The Oneonta legislative council discussed the city’s mask ordinance Monday, May 10, and the matter is expected to be brought up at the next Common Council meeting at 7 p.m., Tuesday, May 18. Questions with the ordinance included whether to have different criteria depending on whether an individual was vaccinated.
Garden Club to hold sale
The Oneonta Federated Garden Club will be holding their Spring plant sale 9 a.m. to noon on Saturday May, 29 at Huntington Park.
After years of planning, as part of a downtown revitalization initiative, community leaders broke ground at the site of the Dietz Street loft project Friday April 30, in Oneonta, with the hope of revitalizing and bringing “greater vibrancy” to the city’s downtown.
Oneonta Mayor Gary Herzig, state Sen. Peter Oberacker, R-Maryland, Hartwick College President Margaret Drugovich, Empire State Development Deputy Director Allison Nowack and other community and business leaders attended the ceremony and lifted ceremonial shovels for the groundbreaking.
These lofts, which began development in April, will bring more people to the downtown area, Herzig said.
The four story building would include artist lofts, 24 middle-income, two-bedroom apartments and units for people with disabilities.
WRITERS SALON – 7:30 p.m. Open mic followed by presentation by author April Ford whose debut novel ‘Carousel’ won an award in the category of LGBTQ+ fiction for the International Book Awards. Free, open to public. Presented by Community Arts Network of Oneonta. 607-432-2070 or visit www.canoneonta.org/event/writers-salon-april-ford/?instance_id=1195
ONEONTA HISTORY – 6:30 p.m. Online program from exhibit ‘Up from the Ashes: Oneonta Shaped by Fire’ featuring exhibit planners Carlene Bermann, Bob Brzozowski, others will discuss highlights. Presented by Greater Oneonta Historical Society. 607-432-0960 or visit www.oneontahistory.org/upcomingevents.htm
ART TALK – 2 p.m. Learn about women artists in the collection with Mary Alexander, Curator of Education. Free, registration required. Arkell Museum, Canajoharie. 518-673-2314 or visit www.arkellmuseum.org/events-calendar
FOOD WEBINAR – 2 – 3 p.m. Learn about food, recipes, and nutrition info you can use everyday. This week celebrate National Frozen Food Month. Free, registration for Zoom conference required. Presented by The Cornell Cooperative Extension. 518-234-4303 x120 or visit cceschoharie-otsego.org/events/2021/01/05/tuesdays-2
ONEONTA – After a bump in COVID positives at Hartwick College, President Margaret Drugovich is reporting that testing of every on-campus student and employee this week yielded only two positives (both students) were detected.
In addition, three positive cases were found among students who were already in required quarantine off-campus, she added.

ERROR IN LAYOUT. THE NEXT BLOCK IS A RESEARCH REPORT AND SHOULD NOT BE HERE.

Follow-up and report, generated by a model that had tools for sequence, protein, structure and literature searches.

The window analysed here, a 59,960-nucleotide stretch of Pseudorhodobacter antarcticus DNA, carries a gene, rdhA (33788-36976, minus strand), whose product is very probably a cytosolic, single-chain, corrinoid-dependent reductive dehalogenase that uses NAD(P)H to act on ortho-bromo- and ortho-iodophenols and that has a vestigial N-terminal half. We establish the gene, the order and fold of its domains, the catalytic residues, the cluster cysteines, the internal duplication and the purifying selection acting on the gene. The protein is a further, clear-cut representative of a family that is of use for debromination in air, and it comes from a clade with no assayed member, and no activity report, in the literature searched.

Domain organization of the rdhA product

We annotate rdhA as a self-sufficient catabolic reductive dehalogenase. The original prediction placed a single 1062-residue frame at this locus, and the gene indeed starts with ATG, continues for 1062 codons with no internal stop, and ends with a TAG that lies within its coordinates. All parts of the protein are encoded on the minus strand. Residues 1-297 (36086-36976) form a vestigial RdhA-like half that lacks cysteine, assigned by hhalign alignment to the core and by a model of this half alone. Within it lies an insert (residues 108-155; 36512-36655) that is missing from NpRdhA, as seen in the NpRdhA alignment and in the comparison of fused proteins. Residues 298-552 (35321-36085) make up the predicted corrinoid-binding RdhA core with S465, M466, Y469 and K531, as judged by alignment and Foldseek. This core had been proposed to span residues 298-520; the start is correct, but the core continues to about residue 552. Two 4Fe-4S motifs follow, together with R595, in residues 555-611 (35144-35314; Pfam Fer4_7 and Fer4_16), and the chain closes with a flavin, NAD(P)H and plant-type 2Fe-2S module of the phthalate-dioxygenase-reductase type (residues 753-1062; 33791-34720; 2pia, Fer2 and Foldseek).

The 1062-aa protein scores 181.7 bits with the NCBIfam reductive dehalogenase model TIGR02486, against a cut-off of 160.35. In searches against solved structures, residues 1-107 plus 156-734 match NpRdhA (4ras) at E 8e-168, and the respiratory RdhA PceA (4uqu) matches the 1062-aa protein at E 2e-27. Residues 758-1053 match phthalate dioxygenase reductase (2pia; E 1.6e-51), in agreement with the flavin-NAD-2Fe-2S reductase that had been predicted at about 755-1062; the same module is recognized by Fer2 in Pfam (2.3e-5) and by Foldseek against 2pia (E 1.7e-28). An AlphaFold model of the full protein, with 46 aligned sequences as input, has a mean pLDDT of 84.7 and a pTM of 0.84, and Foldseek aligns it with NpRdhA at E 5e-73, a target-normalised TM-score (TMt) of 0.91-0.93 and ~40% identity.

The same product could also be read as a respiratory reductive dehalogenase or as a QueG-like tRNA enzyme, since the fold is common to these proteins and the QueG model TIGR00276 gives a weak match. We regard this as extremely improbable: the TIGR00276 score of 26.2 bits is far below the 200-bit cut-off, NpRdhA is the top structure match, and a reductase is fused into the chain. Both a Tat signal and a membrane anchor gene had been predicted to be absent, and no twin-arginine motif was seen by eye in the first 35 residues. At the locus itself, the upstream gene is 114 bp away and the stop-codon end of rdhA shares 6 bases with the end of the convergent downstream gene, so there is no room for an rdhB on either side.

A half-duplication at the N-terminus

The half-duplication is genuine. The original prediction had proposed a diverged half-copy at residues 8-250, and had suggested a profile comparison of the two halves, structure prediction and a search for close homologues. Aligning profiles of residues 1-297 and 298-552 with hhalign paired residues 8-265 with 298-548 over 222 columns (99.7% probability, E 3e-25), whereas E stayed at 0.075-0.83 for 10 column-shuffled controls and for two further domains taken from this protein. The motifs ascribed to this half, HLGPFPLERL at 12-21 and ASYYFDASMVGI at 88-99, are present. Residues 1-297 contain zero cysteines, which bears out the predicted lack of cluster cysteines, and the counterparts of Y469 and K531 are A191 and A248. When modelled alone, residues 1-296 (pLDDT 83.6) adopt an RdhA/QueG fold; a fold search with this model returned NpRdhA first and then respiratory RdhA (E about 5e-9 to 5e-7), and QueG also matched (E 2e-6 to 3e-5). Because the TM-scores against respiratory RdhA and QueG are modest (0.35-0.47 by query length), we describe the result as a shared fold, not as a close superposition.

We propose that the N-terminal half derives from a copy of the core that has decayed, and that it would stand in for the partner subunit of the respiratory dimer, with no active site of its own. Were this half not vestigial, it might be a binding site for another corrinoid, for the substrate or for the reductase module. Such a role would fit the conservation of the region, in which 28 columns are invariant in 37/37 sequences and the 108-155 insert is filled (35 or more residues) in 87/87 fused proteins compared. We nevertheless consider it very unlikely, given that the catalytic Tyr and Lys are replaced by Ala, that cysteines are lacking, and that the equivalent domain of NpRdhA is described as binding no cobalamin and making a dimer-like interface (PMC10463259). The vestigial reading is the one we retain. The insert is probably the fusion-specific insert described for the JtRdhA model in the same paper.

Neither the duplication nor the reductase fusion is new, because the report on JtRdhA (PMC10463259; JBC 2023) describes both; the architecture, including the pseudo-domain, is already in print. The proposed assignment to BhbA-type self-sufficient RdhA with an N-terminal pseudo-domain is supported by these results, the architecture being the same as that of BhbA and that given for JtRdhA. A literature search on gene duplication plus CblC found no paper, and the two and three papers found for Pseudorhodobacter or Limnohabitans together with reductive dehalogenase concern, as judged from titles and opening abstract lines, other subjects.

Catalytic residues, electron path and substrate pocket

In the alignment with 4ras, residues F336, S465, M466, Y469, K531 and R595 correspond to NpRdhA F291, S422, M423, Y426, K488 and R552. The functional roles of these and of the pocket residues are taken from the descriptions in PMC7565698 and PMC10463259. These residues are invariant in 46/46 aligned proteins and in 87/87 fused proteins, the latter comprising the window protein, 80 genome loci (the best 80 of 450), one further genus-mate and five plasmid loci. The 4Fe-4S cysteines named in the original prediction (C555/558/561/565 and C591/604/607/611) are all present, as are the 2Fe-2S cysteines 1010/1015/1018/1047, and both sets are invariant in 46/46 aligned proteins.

By MICHAEL FORSTER ROTHBART • Special to www.AllOTSEGO.com
COVID-19 cases have continued to rise among students at Hartwick and SUNY Oneonta, despite best efforts by both colleges, even while the rate of infection has declined elsewhere in Otsego County.
The campuses have been the source of one third of all cases in the county in 2021, and rose to 47 percent of cases in one 10-day period, the county Health Department reported last week.
As of Tuesday, March 9, there were 77 active college student cases between the two schools, bringing the county total above 200 for the first time since late January.
Since students returned in January, there have been 262 confirmed COVID cases at the two colleges. This means 10.8 percent of people on campus at Hartwick and 5.5 percent at SUNY Oneonta have been infected with the virus this year. In comparison, 2.2 percent of all Otsego County residents became infected in the same period.
“My concern, as the city health officer, is that the majority of spread is off-campus in the community,” said Dr. Diane Georgeson. “We know the students are out and about. They’re in the bars or in the restaurants.”
She also worries that the rest of the population may have higher rates than are known. “We are not broadly testing the community. You know, the student populations are being tested, even the asymptomatic students,” she said. “…So what concerns me is that there’s probably more positivity – within the city of Oneonta and within Otsego county – than is being reflected in the number of cases that the county Health Department is reporting.”
VOICES OF THE GAME – 2 p.m. Celebrate Women’s History month. Join Jenny Dalton on Zoom to discuss her baseball career, and her experience in the Colorado Silver Bullets as well as her part in the 2010 USA Women’s Baseball team in Venezuela when they brought home the Bronze medal. Free, registration required. Presented by Baseball Hall of Fame. 607-547-7200 or visit baseballhall.org/events/virtual-curator-spotlight-starting-nine-al-west?date=0
VIRTUAL TOUR – 2 p.m. Zoom meeting featuring walk through of exhibit ‘Cooper, Cole, and the Hudson River School’ with manager of arts education Kevin Gray. Free, registration required. Suggested donation $5. Fenimore Art Museum, Cooperstown. 607-547-1400 or visit www.fenimoreartmuseum.org